ISLAMABAD: A parliamentary body was briefed on Friday that the country witnessed a 300pc increase in glacial lake outburst flood (GLOF) incidents besides rising sea levels that were threatening cities such as Thatta, Badin and Karachi in just one year.
The meeting of the Senate Standing Committee on Climate Change was held under the chairperson of Senator Seemi Ezdi. It was attended by Senators Khalida Ateeb, Keshoo Bai, Abida Mohammad Azeem, Taj Haider, Kamran Michael and senior officers from the Ministry of Climate Change along with its attached departments and agencies. Minister for Climate Change Senator Sherry Rehman was also present.
During the briefing, issues taken up entailed preparations of the ministry for the 27th Conference of the Parties (COP27) of the UN and the Living Indus Initiative.
The committee was informed about the major issues that the Ministry of Climate Change would bring to the table at COP27 in the context of drastic effects of climate change in Pakistan. It was asserted that Pakistan in the last two decades had witnessed 152 extreme climatic events that had led to an increase in food insecurity.
The members learnt that the World Bank had estimated Pakistan’s losses from the recent floods at $40 billion. In the wake of the pledges made during previous COP26, Pakistan was in the frontline for advocacy for climate finance essential for any progress on environment and climate issues, the meeting was told.
Ministry officials said Pakistan was suggesting for the development of a transparent mechanism clearly defining climate finance needs and encouraging simplified procedures for its access.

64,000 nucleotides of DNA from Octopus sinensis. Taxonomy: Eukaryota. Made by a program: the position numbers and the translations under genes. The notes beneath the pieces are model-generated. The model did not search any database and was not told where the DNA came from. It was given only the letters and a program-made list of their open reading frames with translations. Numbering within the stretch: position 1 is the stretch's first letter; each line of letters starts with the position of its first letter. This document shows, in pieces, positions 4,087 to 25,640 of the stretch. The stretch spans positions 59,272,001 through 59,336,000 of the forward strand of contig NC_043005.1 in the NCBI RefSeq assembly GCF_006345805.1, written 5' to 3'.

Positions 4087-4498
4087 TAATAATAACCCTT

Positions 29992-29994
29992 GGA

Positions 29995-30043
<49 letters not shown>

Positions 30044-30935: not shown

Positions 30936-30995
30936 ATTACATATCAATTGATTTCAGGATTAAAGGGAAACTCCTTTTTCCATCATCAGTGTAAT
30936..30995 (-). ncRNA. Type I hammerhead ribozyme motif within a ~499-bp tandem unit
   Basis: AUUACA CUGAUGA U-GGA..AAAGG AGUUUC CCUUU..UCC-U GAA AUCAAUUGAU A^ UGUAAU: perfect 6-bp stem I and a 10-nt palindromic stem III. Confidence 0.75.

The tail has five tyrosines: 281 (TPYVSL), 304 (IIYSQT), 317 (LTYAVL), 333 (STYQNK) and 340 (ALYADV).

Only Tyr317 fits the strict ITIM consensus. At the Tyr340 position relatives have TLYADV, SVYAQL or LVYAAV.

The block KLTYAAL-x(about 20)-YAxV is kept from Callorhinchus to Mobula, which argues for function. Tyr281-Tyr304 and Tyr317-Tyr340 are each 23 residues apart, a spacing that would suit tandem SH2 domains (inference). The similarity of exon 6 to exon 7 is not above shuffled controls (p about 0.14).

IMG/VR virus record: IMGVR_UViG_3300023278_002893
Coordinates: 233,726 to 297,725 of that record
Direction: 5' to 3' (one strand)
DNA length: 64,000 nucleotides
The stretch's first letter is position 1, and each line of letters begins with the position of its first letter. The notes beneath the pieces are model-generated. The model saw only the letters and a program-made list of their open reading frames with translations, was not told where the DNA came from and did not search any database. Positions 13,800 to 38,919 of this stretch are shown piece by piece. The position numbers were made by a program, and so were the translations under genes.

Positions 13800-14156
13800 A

Forums for advocacy would include high level round-tables with the prime minister, bilateral engagements at the ministerial levels and negotiations on eight dedicated streams.
Deliberating over the Living Indus Initiative, the committee was informed that the Indus, which supported life for the past 5,000 years, in the next 100 years might not be able to do so due to drastic climate, and steps were required to be taken immediately.
“Challenges faced by the Indus are the degrading ecosystem of the basin and unchecked pollution. Poor planning and inadequate mechanism of finance for projects are other factors that have contributed to the deterioration of the basin. The United Nations has assisted the Ministry of Climate Change to prepare a report on River Indus to develop a comprehensive strategy its restoration as a living river,” added an official from the climate change ministry.
The committee while questioning measures taken to preserve the Indus delta recommended alternative options and stressed the need for prompt and timely funding.
Published in Dawn, October 29th, 2022